Forward Thinking: Carmelo Anthony Eyes South Bronx Site for New Athletic Facility

Carmelo Anthony hasn’t played on an NBA team since last year, but he’s still making moves. Photo: Keith Allison/Flickr/Creative Commons

This story was originally published on May 22, 2019by THE CITY.

Carmelo Anthony may be expanding his footprint in the South Bronx.

The former Knick recently met with Bronx Borough President Ruben Diaz Jr. to talk about a “basketball facility” proposed for 845 East 136 Street in Port Morris, according to documents obtained by THE CITY.

The forward nicknamed “Melo” has been holding meetings to gauge opinions on the rec center idea, though talks appear preliminary, a source with knowledge of the Diaz-Anthony discussion told THE CITY.

“That would be wavy, I’m not gonna lie,” said Izaya Gray, of Mott Haven, who was skateboarding near hoops on Westchester and Forest Avenues. “They don’t have a lot of rec centers out here. Shoutout to Carmelo Anthony!”

Bronx Borough President Ruben Diaz Jr. speaks at the State of the Bronx 2019 address. Photo: Ben Fractenberg/THE CITY

The building on East 136, which housed a self-storage until about a year-and-a-half ago in the fast-gentrifying neighborhood, is not currently occupied, according to a local broker.

Tom Cisco, leasing agent for the space, said that Somerset Real Estate was working with an interested client. Somerset, which teamed up with Anthony on a nearby pizzeria, did not return requests for comment.

Diaz met with Anthony the afternoon of April 30, according to a copy of the borough president’s schedule obtained by THE CITY through a Freedom of Information Law request.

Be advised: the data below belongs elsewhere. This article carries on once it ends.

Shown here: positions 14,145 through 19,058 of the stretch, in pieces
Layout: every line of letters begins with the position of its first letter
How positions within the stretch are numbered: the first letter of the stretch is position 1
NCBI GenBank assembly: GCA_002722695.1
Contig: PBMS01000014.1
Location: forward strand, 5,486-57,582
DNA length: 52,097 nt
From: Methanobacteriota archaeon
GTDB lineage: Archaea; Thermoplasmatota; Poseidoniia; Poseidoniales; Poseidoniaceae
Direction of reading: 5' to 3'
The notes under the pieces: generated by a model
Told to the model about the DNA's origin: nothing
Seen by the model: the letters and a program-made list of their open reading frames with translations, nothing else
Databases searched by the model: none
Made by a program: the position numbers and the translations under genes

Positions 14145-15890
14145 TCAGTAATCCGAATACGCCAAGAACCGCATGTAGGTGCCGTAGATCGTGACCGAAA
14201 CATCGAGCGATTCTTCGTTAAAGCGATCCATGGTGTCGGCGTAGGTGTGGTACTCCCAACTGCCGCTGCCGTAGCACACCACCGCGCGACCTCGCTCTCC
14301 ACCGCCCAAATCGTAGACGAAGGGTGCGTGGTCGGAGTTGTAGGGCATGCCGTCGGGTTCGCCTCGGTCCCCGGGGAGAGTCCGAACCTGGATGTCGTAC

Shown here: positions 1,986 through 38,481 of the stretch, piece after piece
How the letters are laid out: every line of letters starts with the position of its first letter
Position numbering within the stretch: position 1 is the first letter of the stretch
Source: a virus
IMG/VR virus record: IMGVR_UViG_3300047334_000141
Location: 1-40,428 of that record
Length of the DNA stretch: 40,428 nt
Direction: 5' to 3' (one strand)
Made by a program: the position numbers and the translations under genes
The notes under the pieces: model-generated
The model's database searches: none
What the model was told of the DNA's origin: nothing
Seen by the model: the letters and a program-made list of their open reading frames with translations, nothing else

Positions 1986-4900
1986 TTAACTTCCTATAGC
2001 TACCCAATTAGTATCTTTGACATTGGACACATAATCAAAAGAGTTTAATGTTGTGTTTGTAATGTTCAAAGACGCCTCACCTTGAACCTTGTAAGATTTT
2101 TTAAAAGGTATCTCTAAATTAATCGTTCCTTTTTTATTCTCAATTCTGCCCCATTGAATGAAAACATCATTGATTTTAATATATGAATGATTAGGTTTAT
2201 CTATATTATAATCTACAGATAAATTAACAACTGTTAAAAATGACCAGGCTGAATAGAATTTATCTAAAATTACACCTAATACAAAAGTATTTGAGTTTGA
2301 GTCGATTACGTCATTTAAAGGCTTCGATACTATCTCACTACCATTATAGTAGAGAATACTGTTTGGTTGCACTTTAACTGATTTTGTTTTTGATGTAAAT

It’s unclear what the exact plan is for the two-story, 94,000-square-foot site. Both Diaz’ office and Anthony’s representatives declined to comment.

EXR-Somerset commercial broker Andrew Roth said Anthony was “very excited” about expanding his presence in the neighborhood.

“He’s a big South Bronx fan and believes in its growth,” Roth said.

Melo Shoots for the Bronx

Anthony, who was born in Brooklyn, has established a position in the South Bronx in recent years. Last May, the New York Post reported Anthony was an investor in Nobody’s Pizza — which is about 10 blocks from the potential basketball center.

At the time, he told the paper that he was excited to get into a venture that combined “food, entertainment, sports and real estate.”

In late 2015, his Carmelo Anthony Foundation teamed with a Bronx church and the nonprofit Feed The Children for a holiday food giveaway.

The pro-baller tried to open a sports center in the city before: In 2015, he announced his foundation would contribute funds for a facility proposed as part of the Bedford-Union Armory redevelopment in Brooklyn. But he pulled out following pressure from activists worried about accelerating gentrification in Crown Heights.

Carmelo Anthony speaks at a December 2015 press conference unveiling plans for the Bedford-Union Armory in Crown Heights. Photo: Rachel Holliday Smith/DNAinfo

It’s unclear how a similar play would run south of the Bruckner, where booming development, rising housing costs and fear of displacement have polarized some living in the area.

“I think it’s a good idea,” said Princess Sanchez, who’s lived in Mott Haven most of her life. “The youth nowadays do need something to do.”

“It’s going to discourage them if it costs too much,” countered her cousin, Julio Sanchez, who also lives in the neighborhood. “I mean, some of them don’t even have money to eat. So how would they be able to use something like this, if the price is out of reach?”

All over Mott Haven and Port Morris, new construction is beginning to peek through a once-sparse skyline. Restaurants and businesses are springing up, too, inviting a wash of newcomers to the area. Corporations also have seized on the location — not far from 845 East 136 Street, HBO leased a 92,000 square-foot warehouse space to produce part of “The Deuce.”

Between 2016 and 2018, the price per square foot for home sales in the Mott Haven and nearby Melrose shot up close to 60%, according to a 2019 report from the Association for Neighborhood and Housing Development, a nonprofit that advocates for affordable housing. Around 58% of those living in the area are considered “rent-burdened,” the report says.

This story was originally published by THE CITY, an independent, nonprofit news organization dedicated to hard-hitting reporting that serves the people of New York.

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